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If you were to get a new Hammerhead which of the new front fox shocks would you put on it & why? This will be used mainly for XC & single track riding, no racing. Trying to decide between the Talas and F100x.
 

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Do It Yourself
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herkman said:
If you were to get a new Hammerhead which of the new front fox shocks would you put on it & why? This will be used mainly for XC & single track riding, no racing. Trying to decide between the Talas and F100x.
I've tried the Float, Vanilla and now Minute 1:00. The Fox forks are good and stiff a plenty but I like the feel of the Manitou damping much better. The new 05 Fox are supposed to have improved damping though. I initially thought the Minute was a little harsh on the small stuff but after changing the oil and getting it properly lubed, it is sooo much better. I am now very pleased with the Minute and don't miss the Fox at all.

With the Minute, I get both externally adjustable travel and stable platform. If I had to choose though, I would go with the adjustable travel. It's nice to have the option of increasing front travel and relaxing the handling a bit sometimes. I'm not a real big fork bobber so the minimum SPV setting works great for me. It does help by reducing wallow and dive though.
 

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Singletrack Mind
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I'll Chime in for the F100RLC

I got my 100X 3 weeks ago, and have almost 200 miles on it. My front Marta started squealing, so I hope that doesn't mean I've worn thru the pads already. Anyway, I got a F100RLC on my bike (Float R ProPedal in back) and I'm totally happy. The Float is stiff, buttery smooth, and I don't really miss a "stable platform" on it. I kept with coil-sprung forks for the last 10 years or so (EFC, SX-R, Mars Comp, etc.) but I think the Floast feels as supple as any of those. Coupla things tho': I run the low speed compression damping wide open. That makes that dial pretty worthless. Also, I never use lockout front or rear, and I wish mine came in a bossless version. I'd rather skip 1/5 pound or so than have those 3 options. Overall, the quality of the build sells me on Fox Forx. Adjust the anodized aluminum caps on their BB detent stops and nothing else feels quite the same.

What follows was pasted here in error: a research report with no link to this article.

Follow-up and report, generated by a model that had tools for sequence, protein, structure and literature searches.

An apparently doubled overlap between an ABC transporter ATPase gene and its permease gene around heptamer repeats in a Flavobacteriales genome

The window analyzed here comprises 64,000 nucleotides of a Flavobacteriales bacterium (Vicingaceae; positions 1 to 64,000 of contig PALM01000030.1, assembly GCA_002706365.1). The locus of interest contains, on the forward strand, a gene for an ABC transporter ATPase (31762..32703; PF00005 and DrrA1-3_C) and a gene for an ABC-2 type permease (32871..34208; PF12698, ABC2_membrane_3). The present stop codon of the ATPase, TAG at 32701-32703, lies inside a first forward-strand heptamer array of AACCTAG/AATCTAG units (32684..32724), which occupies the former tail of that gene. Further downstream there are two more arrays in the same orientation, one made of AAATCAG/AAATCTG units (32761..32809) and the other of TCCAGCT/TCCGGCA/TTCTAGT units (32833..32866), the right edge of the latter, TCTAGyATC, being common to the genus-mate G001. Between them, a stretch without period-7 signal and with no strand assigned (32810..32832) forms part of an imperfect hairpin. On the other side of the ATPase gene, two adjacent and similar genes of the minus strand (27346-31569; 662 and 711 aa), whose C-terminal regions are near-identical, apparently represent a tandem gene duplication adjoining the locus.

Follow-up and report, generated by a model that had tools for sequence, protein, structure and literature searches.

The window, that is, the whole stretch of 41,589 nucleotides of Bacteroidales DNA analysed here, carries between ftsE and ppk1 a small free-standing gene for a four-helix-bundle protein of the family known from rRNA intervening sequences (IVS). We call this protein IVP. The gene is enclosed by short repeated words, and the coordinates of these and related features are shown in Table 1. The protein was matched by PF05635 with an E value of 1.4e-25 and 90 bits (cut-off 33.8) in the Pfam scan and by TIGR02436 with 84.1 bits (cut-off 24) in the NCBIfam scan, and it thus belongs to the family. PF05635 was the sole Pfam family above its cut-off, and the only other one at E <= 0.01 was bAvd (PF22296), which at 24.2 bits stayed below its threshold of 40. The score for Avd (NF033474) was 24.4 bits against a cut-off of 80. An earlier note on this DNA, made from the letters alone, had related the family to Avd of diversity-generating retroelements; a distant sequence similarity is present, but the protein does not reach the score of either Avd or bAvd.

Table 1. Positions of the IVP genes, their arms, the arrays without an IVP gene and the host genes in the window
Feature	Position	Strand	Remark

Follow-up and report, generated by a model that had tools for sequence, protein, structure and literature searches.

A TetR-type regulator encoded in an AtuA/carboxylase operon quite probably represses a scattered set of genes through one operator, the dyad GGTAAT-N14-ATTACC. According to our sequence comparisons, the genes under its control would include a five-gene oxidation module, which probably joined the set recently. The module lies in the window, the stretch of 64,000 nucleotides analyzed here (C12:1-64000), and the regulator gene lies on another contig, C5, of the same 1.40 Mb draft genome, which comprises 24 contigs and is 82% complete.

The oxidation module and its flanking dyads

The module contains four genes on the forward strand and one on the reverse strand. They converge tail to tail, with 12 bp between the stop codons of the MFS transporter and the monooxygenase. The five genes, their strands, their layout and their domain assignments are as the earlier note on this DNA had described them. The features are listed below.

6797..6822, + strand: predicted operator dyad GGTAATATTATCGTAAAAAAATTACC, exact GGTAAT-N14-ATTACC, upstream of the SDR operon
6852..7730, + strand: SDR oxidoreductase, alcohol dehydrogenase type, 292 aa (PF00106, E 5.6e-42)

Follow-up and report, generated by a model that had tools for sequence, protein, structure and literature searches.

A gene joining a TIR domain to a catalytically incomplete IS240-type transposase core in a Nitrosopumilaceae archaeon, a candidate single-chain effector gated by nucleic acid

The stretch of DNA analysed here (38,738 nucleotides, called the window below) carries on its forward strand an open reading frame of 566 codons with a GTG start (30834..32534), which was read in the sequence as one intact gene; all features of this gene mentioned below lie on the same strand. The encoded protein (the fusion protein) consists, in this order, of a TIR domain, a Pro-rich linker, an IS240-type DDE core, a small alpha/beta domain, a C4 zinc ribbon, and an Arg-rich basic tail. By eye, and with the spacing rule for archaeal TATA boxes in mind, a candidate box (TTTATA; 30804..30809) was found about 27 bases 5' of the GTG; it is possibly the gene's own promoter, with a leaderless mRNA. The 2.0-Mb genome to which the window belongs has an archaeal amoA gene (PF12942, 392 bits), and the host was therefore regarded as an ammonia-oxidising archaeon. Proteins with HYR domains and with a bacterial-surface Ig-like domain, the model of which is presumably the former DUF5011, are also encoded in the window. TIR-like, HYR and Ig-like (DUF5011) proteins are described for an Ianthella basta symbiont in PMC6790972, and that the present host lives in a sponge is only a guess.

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Im loving the 100RLC on mine. Its very stiff, does well soaking up everything, and since I like to get out of the saddle climbing I really really like the lock out; if you rarely get out of the saddle it's probably not neccessary as it doesn't bob when you're sitting down.
 

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Bodhisattva
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It depends on the type of riding you do.

If it involves lots of steep climbs & descents then the TALAS would be my pick, which is what I have. Despite being very plush I like the ability to dial in the head angle for a given trail. It's very useful for long climbs & technical descents.

If I lived someplace that was relatively flat or if I was racing then I'd say F100.

No need to spend extra cash for the "L" or "C". Just go with the "R".

PUSH just told me that they expect to be doing Fox forx mods by mid-August & that will be a killer setup with a PUSH'd rear or a Propedal.

BTW....I'm considering selling my TALAS which I got this time last year in exchange for a new one which I'll have PUSH'd. My TALAS works just fine but the new ones allow larger rotors which I'd like to run. PM me if you have any interest in my TALAS.
 

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11 is one louder than 10
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I'm with the squeeky one

Depends on what and where you ride.

I'd say one of three combos.

1. New pro-pedal, or a push'd float R on the rear with a Float 100 up front

2. PUSH'd float R AVA with a Talas up front (to be pushed)

3. Regular Float R with AVA, Regular Talas (plushest option)

Basically, I'd suggest looking for balance between the front and rear shock action.
 

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Float 100 Rlt, '05

I'm going to be building a racer x-100 and I will build with a float 100 rlt. The new '05 version is going to have improved damping and will be a little lighter, 3.5 lbs. or so. Fox quality beats everything else, you do not have to rebuild the fork all the time to keep it running smoove, just an oil change and cleaning once a season or so and it will stay plush. The stable platform forks have some negatives for me: mostly they all want to creep up to full extension during steep climbs when there is not as much weight on the front wheel. This is the most inoppurtune time for this as the rear suspension will sag more with the extra rearward weight bias. In this situation you end up climbing with slack effective frame angles and the front end will want to wander all over the place. Adjustable travel can help this but I cannot stand having to twirl a bunch of knobs all the time. Having the manual lockout is great I just use it on the very smooth surfaces and also it is a must when you get out of the saddle. If your riding is all rolling terrain and no steep continuous climbing a stable platform fork might be the way to go though. Here (CO) there is to much steep climbing for it to work for me.
 
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